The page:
Rep. Paul Thissen, DFL-Richfield, was stripped of an award from the Academy of Holy Angels (AHA) last week because of his votes on abortion, the Catholic school said. The candidate for governor was to be presented with AHA Activities Hall of Fame honor, but when the school learned of his Thissen’s voting record, they rescinded the award.
“[T]he nominating committee was not aware of Mr. Thissen’s voting record in the Minnesota Legislature regarding pro-abortion issues,” the school said in a letter to alumni.
“When I heard about this, I really was disappointed, not so much because of the award, but because the award was for something that had nothing to with my position on giving women the choice of what to do during a pregnancy,” Thissen told the Star Tribune.
Thissen told the school his support for social justice issues like ensuring health insurance for all children and advocating for the poor, the disabled and the elderly should count for something.
“I had imagined that the high school I attended — the institution that taught me the importance of social justice in Minnesota — would have valued and been honored by that work,” he said.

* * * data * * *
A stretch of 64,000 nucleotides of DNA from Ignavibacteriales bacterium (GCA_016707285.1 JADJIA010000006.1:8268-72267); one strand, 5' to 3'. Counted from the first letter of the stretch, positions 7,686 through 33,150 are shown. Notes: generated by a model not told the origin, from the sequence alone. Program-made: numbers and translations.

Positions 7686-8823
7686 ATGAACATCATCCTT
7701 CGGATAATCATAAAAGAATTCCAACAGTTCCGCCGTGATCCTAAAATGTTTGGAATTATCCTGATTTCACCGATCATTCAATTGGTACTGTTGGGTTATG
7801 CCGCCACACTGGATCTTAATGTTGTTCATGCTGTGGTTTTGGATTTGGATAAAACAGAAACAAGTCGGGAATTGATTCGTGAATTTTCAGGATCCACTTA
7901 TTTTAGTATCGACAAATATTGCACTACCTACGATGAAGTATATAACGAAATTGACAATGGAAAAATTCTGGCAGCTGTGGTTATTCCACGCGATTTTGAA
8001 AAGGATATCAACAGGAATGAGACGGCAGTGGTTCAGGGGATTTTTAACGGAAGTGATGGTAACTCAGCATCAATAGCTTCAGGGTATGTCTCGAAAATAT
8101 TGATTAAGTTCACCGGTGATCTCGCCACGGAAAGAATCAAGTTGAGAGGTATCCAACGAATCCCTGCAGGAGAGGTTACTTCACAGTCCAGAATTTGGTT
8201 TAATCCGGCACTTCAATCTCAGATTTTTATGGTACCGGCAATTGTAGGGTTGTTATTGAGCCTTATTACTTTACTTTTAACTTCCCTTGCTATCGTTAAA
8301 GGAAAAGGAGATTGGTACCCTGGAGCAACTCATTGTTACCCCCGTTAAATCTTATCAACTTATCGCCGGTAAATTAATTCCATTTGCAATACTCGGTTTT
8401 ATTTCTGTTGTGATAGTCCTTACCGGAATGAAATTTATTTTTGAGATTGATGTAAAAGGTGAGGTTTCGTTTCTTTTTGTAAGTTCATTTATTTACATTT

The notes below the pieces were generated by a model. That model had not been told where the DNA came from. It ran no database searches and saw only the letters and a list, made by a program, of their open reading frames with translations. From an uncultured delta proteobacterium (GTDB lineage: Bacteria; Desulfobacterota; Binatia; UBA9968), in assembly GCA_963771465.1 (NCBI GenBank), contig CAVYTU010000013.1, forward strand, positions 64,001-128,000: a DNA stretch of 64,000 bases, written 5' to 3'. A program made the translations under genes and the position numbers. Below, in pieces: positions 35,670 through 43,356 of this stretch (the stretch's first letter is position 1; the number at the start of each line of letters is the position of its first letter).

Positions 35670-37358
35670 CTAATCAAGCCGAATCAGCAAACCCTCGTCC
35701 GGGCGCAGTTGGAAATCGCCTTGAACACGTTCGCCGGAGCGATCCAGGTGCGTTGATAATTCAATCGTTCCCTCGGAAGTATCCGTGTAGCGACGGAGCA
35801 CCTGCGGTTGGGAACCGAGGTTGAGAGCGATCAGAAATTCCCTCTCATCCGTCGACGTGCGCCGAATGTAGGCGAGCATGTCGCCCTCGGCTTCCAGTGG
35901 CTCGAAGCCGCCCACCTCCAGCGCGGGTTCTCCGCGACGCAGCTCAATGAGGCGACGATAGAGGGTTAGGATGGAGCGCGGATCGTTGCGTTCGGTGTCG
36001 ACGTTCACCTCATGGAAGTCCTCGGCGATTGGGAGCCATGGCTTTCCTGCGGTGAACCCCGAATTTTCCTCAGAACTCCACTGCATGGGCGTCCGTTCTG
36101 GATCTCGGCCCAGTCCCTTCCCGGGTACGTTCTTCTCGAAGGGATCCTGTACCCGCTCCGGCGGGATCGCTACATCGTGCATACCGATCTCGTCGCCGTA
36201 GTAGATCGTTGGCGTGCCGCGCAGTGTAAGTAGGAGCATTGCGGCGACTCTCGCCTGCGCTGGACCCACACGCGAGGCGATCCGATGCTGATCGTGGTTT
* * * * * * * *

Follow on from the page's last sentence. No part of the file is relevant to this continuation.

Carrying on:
But among the Catholic hierarchy, supporting those that have the least in society cannot mitigate any support a politician shows for the “non-negotiable five”: abortion, euthanasia, embryonic stem cell research, human cloning and “homosexual” marriage.
So, which votes tarnished Thissen’s otherwise impressive achievements in the eyes of the religious right?
In 2008, he voted in support of a bill to allow state funding for stem cell research. He voted against a bill to prohibit any government funds from going to an organization that offers abortion. He voted against several overrides of Speaker of the House Margaret Anderson Kelliher when she deemed anti-abortion amendments not germane to certain bills. In other words, anti-abortion legislators put bills and amendments forward that had no chance of passing in order to use them against pro-choice legislators.
“As a result of Mr. Thissen’s public position to actively support pro-abortion issues, AHA has chosen not to include him among this year’s inductees to the AHA Activities Hall of Fame,” read the school’s letter. “We have done so, not because we do not appreciate his past achievements, but because we cannot endorse his legislative actions relating to abortion.”
While anti-abortion activists rejoiced at the school’s decision, one lone voice praised Thissen. Frank Burton, founder of the Circle of Reason, thanked Thissen for taking a stand on the issues. Thissen’s “courageous refusal to enforce Catholic doctrine upon the general public, and whose recognition that morality is compatible with prochoice policy, led to his being stripped of his Hall of Fame Alumnus Award by his former high school.”